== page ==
• 34.

    Added software paper ref (after chrome deciding several times it wanted to eat my modification).

    Comment Source:Added software paper ref (after chrome deciding several times it wanted to eat my modification).
  • 35.
    edited November 2012

    I added a bunch more references to

    By the way, Dave Tweed's original yellow-and-aqua coloring scheme for Petri nets on this article has become the official coloring scheme that Jacob Biamonte and I are using. But maybe Dave got it from the Scholarpedia article.

    Comment Source:I added a bunch more references to * [[Petri net]] By the way, Dave Tweed's original yellow-and-aqua coloring scheme for Petri nets on this article has become the official coloring scheme that Jacob Biamonte and I are using. But maybe Dave got it from the Scholarpedia article.
  • 36.
    http://www.facebook.com/lee.bloomquist.9
    Comment Source:http://www.facebook.com/lee.bloomquist.9
  • 37.
    Here's the paper "information and impossibilities"by Jon --

    http://projecteuclid.org/DPubS?service=UI&version=1.0&verb=Display&handle=euclid.ndjfl/1039540766

    at the same time Jon was writing that, I was writing this at the Brookings Institution --

    http://www.unifr.ch/econophysics/paper/show/id/econophysics_0006002

    we had met at a workshop on the business applications of situation theory, in which DARPA had great interest.

    we both met some of their modellers as well.
    Comment Source:Here's the paper "information and impossibilities"by Jon -- http://projecteuclid.org/DPubS?service=UI&version=1.0&verb=Display&handle=euclid.ndjfl/1039540766 at the same time Jon was writing that, I was writing this at the Brookings Institution -- http://www.unifr.ch/econophysics/paper/show/id/econophysics_0006002 we had met at a workshop on the business applications of situation theory, in which DARPA had great interest. we both met some of their modellers as well.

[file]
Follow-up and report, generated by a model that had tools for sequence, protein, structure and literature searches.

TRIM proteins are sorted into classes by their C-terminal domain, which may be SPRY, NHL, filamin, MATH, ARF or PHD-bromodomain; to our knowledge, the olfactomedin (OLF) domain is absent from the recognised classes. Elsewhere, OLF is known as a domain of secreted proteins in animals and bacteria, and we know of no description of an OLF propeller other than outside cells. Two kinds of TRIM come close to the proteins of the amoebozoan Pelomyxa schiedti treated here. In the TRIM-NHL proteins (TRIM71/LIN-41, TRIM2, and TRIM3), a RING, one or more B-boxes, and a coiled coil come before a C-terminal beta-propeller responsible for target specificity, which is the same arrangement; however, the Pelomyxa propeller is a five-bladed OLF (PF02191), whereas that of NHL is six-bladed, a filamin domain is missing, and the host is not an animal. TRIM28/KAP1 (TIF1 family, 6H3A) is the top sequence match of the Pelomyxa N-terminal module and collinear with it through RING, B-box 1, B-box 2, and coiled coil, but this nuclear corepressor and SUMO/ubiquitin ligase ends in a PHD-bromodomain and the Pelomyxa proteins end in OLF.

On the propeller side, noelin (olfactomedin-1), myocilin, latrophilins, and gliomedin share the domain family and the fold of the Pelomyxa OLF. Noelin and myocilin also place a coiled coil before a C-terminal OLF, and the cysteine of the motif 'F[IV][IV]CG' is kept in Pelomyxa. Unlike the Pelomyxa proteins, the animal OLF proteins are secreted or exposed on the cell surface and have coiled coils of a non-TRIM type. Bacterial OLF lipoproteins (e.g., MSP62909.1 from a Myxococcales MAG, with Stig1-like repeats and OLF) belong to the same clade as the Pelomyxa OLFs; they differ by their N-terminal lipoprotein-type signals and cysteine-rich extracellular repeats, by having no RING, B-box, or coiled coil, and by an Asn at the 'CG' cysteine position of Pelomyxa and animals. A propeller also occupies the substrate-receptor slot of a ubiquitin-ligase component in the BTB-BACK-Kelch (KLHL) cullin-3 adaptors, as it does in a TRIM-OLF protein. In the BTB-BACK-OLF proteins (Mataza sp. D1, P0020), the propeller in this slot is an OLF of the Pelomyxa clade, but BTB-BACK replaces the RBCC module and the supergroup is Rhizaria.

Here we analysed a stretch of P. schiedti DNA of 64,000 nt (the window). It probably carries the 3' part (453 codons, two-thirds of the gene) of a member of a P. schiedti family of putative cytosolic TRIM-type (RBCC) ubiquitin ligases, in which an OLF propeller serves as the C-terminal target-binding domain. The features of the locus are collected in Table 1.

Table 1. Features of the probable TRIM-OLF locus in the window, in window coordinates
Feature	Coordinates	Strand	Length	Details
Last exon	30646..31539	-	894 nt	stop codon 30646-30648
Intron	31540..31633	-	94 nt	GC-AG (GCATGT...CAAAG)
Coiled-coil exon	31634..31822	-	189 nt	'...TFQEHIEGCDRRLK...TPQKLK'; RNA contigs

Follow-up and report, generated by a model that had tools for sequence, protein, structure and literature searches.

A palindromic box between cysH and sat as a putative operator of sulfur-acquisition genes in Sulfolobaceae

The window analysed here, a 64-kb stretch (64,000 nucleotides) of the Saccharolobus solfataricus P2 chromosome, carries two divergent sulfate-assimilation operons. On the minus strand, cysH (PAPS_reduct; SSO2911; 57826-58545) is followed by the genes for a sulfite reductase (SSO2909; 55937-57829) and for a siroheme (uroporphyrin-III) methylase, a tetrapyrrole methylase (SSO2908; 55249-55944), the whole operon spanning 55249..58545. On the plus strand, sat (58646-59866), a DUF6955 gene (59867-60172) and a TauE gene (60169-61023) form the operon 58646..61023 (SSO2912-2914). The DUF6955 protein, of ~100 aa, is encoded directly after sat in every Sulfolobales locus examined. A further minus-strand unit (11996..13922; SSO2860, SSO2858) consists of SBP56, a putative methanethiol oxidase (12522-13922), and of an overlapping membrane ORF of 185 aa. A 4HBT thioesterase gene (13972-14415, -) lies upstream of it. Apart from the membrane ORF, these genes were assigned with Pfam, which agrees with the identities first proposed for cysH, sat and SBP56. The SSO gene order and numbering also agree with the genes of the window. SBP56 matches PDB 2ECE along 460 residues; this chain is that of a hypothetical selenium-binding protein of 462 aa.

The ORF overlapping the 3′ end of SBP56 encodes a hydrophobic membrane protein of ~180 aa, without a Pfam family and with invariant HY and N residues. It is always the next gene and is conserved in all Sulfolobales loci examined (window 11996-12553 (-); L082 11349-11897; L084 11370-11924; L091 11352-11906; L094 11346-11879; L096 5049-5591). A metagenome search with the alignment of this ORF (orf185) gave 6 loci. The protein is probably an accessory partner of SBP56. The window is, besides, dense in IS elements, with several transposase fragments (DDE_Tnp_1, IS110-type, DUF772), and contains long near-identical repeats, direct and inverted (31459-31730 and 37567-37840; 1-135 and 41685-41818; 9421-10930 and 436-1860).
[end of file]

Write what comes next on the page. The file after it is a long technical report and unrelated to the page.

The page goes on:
• 38.
    Possibly seeing some sub-basement "piping" underneath the Born equation.
    I may be able to lay it out in 4 to 5 diagrams. Here's the first -

    http://www.wexedesign.com/index.svg
    Comment Source:Possibly seeing some sub-basement "piping" underneath the Born equation. I may be able to lay it out in 4 to 5 diagrams. Here's the first - http://www.wexedesign.com/index.svg
  • 39.
    65 degrees here near Lake Michigan, no snow.

    Here are some diagrams--

    http://www.wexedesign.com/theBornInfomorphism.pdf
    Comment Source:65 degrees here near Lake Michigan, no snow. Here are some diagrams-- http://www.wexedesign.com/theBornInfomorphism.pdf
  • 40.
    edited February 2013

    I started a section, at the bottom of the references, for the category theory of Petri nets.

    So far I just added one rather specific yet interesting entry:

    Though I haven't parsed the details of it yet, it looks like an illustration of a general principle that network compositions are described in the world of categories by certain kinds of limits (pullbacks).

    Another example comes from networks of relations. Compositions are of course represented by natural joins, and these are again limits (pullbacks) in the world of categories (the category Rel). Here is a paper that covers this and much more:

    I'm ruminating on a blog to go into these ideas.

    Comment Source:I started a section, at the bottom of the references, for the category theory of Petri nets. So far I just added one rather specific yet interesting entry: * Eric Fabre, [On the Construction of Pullbacks for Safe Petri Nets](http://citeseerx.ist.psu.edu/viewdoc/summary?doi=10.1.1.99.7614) Though I haven't parsed the details of it yet, it looks like an illustration of a general principle that network compositions are described in the world of categories by certain kinds of limits (pullbacks). Another example comes from networks of relations. Compositions are of course represented by natural joins, and these are again limits (pullbacks) in the world of categories (the category Rel). Here is a paper that covers this and much more: * David I. Spivak, [Simplicial Databases](http://math.mit.edu/~dspivak/informatics/SD.pdf) I'm ruminating on a blog to go into these ideas.